NYLP's summer program provides Newark high school and college youth with outdoor education activities, employment experience (oftentimes their first), leadership development, and physical activity as they learn about environmental education, urban farming, horticulture, and entrepreneurial activities, all in an urban setting. The students engage in hands-on activities at the Conservancy’s outdoor project sites and by assisting in the operation of its inner-city mobile farm stand. NYLP participants develop marketable skills at a job site where they are placed based on their strengths and interests, work under the supervision of college mentors and Conservancy staff who take an interest in the success of their interns, and develop career goals through hands-on work experience.

Outdoors Empowered Network

Outdoors Empowered Network

Time outdoors can greatly impact health and wellness. However, numerous barriers exist that prevent inclusion in outdoor spaces, with the high cost of gear being one of the most universal barriers. Although well-made outdoor recreation gear like tents, backpacks and sleeping bags can last for many years, the initial investment can be overwhelming and thus prevent entry. Gear libraries provide a community-based solution to this problem by providing all of the basics to a family or program free or at greatly reduced costs. Outdoors Empowered Network (OEN) is dedicated to increasing access to and diversity in the outdoors through building equity-based tools and resources. Its national network of member-run gear libraries and outdoor leadership training dramatically decrease the barriers to outdoor recreation for low-income communities and communities of color.

OEN is currently focusing its outreach on primarily BIPOC communities that are interested in running a local gear library. Through this grassroots collaboration, the whole community is given new opportunities for outdoor access. A gear library for 15 can support 780 weekend camping trips a year! Participating youth will benefit from time spent in the local natural areas as well as from increased mentoring and skills development.

Rippleffect

Rippleffect

Casco Bay High School, in Portland, Maine, is the most culturally- and socio-economically diverse high school in the state. Many of it students are significantly underrepresented among those who engage in outdoor pursuits and, therefore, have limited exposure to the benefits of the positive emotional, behavioral, social, and intellectual development that comes from connecting with nature. Rippleffect is a centeral partner of CBHS in providing low-to-no barrier access to the outdoors.

Rippleffect takes CBHS’ entire Freshman and Senior classes on two separate week-long wilderness expeditions in the mountains of New England and the islands and waters of the Gulf of Maine. The students first embark upon this immersive wilderness expedition as freshman and then again as seniors, with the aim of exposing students to the many benefits of the outdoors within the frame of CBHS's core principals of instilling the Rigor, Relevance, and Relationships that students need to be both college and world ready. Through backpacking, ecology study, rock climbing, sea kayaking, and expedition base camping, Rippleffect works alongside CBHS faculty to build a positive school culture, foster personal growth, and expose students to challenge through the outdoors.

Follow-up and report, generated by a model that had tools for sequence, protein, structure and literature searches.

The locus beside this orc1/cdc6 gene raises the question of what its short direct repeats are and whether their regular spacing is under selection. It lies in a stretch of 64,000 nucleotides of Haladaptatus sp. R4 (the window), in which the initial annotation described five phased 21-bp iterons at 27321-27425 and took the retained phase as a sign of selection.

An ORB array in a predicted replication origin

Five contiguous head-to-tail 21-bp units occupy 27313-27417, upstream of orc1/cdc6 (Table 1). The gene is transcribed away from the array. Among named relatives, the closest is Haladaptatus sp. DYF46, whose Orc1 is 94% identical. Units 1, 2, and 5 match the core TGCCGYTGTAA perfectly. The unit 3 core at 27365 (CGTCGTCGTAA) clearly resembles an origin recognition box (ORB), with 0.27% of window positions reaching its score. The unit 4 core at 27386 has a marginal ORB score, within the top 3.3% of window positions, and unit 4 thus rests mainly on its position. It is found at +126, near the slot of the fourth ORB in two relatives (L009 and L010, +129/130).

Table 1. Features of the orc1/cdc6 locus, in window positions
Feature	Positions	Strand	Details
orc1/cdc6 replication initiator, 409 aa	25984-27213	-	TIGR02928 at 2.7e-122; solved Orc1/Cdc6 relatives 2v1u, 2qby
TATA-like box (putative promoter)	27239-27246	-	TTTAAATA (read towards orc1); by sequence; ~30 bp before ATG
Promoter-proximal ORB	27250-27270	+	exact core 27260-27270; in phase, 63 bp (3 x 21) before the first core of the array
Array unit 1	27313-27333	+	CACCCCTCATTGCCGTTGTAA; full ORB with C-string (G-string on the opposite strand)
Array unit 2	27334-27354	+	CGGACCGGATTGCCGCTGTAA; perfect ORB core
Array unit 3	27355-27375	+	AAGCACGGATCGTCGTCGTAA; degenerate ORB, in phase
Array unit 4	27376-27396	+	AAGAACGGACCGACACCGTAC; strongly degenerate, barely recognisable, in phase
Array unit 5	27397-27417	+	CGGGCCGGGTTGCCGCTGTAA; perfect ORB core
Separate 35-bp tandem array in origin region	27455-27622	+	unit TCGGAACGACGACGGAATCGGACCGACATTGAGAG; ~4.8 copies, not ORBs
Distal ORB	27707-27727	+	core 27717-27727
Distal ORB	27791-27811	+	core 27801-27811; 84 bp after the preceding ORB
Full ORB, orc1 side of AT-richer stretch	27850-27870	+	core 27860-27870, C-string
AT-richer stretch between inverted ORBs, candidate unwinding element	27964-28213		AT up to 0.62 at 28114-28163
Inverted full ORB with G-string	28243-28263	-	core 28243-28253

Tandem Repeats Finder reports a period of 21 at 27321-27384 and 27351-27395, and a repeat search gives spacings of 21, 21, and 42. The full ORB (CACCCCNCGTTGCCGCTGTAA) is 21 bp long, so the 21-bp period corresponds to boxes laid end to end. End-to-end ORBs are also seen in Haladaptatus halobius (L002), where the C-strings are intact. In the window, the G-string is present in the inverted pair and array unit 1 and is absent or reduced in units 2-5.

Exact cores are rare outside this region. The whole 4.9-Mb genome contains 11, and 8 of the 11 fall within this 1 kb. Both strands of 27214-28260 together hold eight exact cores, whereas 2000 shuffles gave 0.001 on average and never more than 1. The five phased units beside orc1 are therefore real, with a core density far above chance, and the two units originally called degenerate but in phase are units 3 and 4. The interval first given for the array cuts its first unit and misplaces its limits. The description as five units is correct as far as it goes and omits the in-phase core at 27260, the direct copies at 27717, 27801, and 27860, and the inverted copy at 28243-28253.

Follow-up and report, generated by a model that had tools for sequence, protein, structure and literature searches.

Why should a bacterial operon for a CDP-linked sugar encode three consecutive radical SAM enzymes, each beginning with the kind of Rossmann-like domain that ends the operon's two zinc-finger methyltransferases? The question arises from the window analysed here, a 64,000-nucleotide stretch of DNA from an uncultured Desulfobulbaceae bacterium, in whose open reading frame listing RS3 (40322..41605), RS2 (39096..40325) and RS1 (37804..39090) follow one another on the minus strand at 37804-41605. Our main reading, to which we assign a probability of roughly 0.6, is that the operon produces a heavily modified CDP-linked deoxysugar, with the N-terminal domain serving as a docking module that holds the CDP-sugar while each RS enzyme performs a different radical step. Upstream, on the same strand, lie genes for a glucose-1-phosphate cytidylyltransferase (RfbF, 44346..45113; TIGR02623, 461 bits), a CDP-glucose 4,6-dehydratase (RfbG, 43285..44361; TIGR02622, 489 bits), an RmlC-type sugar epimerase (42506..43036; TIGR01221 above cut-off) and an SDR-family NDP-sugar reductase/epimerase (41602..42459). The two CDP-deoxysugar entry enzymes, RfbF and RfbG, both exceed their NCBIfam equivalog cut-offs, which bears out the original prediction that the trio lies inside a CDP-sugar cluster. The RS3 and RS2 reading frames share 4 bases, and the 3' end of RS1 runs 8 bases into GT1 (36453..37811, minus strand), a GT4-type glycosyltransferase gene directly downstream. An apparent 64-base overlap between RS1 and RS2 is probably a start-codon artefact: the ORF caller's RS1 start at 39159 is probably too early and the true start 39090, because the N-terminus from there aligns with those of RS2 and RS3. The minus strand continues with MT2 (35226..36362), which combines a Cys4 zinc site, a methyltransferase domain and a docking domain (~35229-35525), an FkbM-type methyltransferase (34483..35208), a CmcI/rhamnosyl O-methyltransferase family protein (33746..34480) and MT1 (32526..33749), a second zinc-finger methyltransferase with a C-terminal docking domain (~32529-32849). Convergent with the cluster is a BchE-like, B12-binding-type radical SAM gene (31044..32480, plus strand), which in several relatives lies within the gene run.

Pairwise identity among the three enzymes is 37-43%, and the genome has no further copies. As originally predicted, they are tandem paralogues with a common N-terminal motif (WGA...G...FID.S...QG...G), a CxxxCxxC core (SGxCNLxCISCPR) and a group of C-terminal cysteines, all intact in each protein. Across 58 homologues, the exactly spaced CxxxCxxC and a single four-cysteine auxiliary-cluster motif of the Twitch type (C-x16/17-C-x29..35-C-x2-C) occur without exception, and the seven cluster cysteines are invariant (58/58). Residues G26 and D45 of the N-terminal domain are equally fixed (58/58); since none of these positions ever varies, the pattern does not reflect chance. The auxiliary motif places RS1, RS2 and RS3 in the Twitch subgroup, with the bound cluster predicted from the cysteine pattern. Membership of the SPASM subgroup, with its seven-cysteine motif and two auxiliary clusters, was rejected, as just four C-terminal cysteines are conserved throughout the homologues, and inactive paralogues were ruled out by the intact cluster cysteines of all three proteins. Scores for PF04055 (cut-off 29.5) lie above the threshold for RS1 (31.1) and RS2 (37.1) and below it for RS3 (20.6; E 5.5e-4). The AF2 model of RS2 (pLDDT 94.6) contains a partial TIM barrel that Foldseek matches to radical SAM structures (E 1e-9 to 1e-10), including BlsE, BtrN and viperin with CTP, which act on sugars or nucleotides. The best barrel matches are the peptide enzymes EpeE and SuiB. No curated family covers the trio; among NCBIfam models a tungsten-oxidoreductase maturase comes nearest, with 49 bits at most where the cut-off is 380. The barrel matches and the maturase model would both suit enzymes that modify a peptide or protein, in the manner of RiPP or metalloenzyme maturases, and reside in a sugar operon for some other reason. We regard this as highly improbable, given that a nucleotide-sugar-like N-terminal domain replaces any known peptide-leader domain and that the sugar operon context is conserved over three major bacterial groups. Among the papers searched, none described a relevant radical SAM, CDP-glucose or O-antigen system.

Sicangu Community Development Corporation

Sicangu Community Development Corporation

As a result of intergenerational trauma and colonial oppression, Lakota people suffer from some of the worst health outcomes (both physical and emotional) in the Western hemisphere. Life expectancy for people living on the Rosebud Reservation in South Dakota is more than 10 years less than the average across all of the United States. Sicangu Community Development Corporation (CDC) is addressing this epidemic through wellness-oriented youth summer camps, for children ages 7-17. The camps promote physical activity and outdoor recreation through activities such as hiking, wild food harvesting, assembling a tipi, participating in a buffalo harvest, lacrosse, and other activities designed to build a stronger connection to the land and foster a commitment to land stewardship.

The camp takes place during the summer at the Wolakota Buffalo Range, allowing youth to learn about the cultural importance of both buffalo and the land. This program is implemented through a partnership with the Boys and Girls Club of Rosebud. This pilot program is allowing Sicangu CDC to lay the groundwork for expanded camp programming in the future.

Wilderness Works

Wilderness Works (WW) strives to empower and guide homeless and under-resourced Atlanta children (elementary-ages 8 an up) toward more fulfilling futures with experiential education, cultural enrichment, and outdoor adventure. Inspired by the summer camp model, WW’s City Camp addresses important emotional and recreational needs through overnight camp programming that takes place primarily on weekends and school breaks.

City Camp incorporates exercise, outdoors, nutrition and friendship, and always includes a fun and educational off-campus field trip to area parks, museums, and recreation sites. The children show improved self-control, emotional regulation, relationships with adults and peers, and a new sense of optimism. During summer months the children attend weeks of summer camp in Georgia or North Carolina location. The majority of children stay in WW programming for more than five years with a significant increase in emotional stability as a result.